Culture, Environment and Ingestive Behavior
Populations in different cultures exhibit different food choices, macronutrient intake, and patterns of eating over short and longer-term time periods. Much of ingestive behavior stems from the environment (e.g., geographic, technological, political, religious) in which a culture exists and how the culture adjusts to and/or attempts to modify the environment. Examples range from the pronounced (e.g., limitations of food availability in populations practicing subsistence agriculture, living in "food deserts" or fasting during Ramadan) to the subtle (e.g., food choices based on nutrient labeling on menus or federal dietary guidelines). Interpersonal factors (e.g., selection of foods based on social desirability, health beliefs) also modulate ingestive behavior. Opportunities are available for students to work with faculty focusing their research on the behavioral controls of feeding.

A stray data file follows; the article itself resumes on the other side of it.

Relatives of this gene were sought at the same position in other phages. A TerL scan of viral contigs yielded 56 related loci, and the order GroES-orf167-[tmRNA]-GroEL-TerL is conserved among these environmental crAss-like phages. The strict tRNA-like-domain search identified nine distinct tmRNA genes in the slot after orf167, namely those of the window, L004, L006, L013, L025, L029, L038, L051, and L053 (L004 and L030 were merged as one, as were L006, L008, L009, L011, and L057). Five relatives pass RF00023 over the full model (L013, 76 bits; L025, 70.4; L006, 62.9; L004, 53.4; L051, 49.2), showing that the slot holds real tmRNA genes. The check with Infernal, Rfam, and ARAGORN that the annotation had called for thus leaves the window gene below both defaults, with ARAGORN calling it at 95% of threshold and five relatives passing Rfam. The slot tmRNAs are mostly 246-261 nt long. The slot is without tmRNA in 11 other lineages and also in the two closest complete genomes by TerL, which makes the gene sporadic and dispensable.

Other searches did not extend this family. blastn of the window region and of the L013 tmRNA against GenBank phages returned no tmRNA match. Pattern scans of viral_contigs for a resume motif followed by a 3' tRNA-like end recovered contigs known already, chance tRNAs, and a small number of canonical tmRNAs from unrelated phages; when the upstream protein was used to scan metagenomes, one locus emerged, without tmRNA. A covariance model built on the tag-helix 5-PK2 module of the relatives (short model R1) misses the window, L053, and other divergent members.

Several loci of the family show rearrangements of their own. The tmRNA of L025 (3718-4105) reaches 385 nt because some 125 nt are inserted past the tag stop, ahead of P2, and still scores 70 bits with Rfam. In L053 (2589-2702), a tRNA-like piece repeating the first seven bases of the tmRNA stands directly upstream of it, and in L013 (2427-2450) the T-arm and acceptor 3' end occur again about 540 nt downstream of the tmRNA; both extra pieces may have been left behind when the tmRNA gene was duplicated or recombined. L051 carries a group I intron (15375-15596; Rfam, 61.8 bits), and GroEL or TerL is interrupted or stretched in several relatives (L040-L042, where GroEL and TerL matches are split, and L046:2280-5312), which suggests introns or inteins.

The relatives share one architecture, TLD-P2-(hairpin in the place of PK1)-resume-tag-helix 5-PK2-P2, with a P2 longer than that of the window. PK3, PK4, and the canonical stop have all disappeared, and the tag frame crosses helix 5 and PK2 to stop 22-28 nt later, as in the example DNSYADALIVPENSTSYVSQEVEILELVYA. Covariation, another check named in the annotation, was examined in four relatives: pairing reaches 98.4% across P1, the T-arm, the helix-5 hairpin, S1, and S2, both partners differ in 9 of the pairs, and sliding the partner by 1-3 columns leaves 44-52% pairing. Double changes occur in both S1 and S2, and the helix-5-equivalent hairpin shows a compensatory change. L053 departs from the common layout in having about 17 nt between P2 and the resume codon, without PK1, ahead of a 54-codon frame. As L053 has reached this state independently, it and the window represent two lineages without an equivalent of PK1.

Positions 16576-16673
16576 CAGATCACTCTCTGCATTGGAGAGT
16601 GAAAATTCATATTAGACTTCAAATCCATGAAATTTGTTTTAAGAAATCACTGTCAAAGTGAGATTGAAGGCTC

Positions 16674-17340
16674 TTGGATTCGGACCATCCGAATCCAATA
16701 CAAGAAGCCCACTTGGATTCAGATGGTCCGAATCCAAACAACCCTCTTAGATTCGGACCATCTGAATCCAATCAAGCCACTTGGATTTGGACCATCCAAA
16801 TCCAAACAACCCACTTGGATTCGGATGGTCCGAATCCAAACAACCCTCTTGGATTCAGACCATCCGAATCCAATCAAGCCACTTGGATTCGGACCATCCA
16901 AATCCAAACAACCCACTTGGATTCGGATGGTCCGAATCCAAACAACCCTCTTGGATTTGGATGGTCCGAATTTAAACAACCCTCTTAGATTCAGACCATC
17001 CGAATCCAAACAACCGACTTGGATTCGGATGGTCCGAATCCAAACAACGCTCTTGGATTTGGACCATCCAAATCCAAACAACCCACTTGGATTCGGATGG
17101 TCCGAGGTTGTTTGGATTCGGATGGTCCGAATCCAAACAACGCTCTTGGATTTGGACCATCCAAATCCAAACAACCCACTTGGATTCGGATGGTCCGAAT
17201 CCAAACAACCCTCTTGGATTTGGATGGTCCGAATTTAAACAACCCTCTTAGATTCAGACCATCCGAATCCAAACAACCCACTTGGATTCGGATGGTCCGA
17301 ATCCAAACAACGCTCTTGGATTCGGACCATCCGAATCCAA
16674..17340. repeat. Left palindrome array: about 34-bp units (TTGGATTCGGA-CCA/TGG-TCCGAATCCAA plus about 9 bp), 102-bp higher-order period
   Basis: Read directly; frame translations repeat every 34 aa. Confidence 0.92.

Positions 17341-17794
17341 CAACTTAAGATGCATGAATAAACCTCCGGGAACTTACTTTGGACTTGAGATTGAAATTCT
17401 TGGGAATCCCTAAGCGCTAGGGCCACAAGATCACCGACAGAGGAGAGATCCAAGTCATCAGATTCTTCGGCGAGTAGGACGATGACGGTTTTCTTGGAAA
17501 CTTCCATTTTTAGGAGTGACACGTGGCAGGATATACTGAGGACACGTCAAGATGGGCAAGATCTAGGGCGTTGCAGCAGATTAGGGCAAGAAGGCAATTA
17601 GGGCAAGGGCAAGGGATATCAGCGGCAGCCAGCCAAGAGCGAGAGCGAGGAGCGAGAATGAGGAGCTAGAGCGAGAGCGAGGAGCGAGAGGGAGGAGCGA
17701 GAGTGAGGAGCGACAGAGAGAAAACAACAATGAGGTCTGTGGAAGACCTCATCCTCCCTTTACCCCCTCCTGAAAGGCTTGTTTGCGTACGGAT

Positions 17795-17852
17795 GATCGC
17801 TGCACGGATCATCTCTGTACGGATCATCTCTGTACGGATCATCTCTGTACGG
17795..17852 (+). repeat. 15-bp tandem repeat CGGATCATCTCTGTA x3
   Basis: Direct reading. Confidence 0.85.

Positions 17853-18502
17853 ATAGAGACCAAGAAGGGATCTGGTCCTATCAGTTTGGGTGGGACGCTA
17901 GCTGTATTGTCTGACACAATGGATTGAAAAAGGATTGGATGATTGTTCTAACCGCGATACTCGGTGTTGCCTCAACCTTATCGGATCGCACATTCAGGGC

About the IBRC
The Ingestive Behavior Research Center at Purdue University is unique in providing an interdisciplinary research and training environment that promotes excellence in the analysis of ingestive behavior and its disorders.
Individual and population-based health practices will be optimized by advancing understanding of the controls of ingestive behavior.
IBRC Executive Committee
- Dr. Richard Mattes, Ph.D., Director
- Dr. Wayne Campbell, Ph.D.
- Dr. Mario Ferruzzi, Ph.D.
- Dr. Kimberly Kinzig, Ph.D.
- Dr. Blake L. Jones, Ph.D.
- Dr. Bryce Carlson, Ph.D.
- 2MayDetailsIBRC Journal Club
May 2 @ 11:00 AM - 12:00 PM STON B2
- 2OctDetails7th Biennial IBRC Conference - The Pace of Life and Feeding: Health Implications
October 2 @ 7:00 PM - October 4 @ 2:00 PM Purdue Memorial Union South Ballroom
Stone Hall, Room 220
700 W. State Street
West Lafayette, IN 47907-2059
(765) 494-5735 phone
(765) 494-0674 fax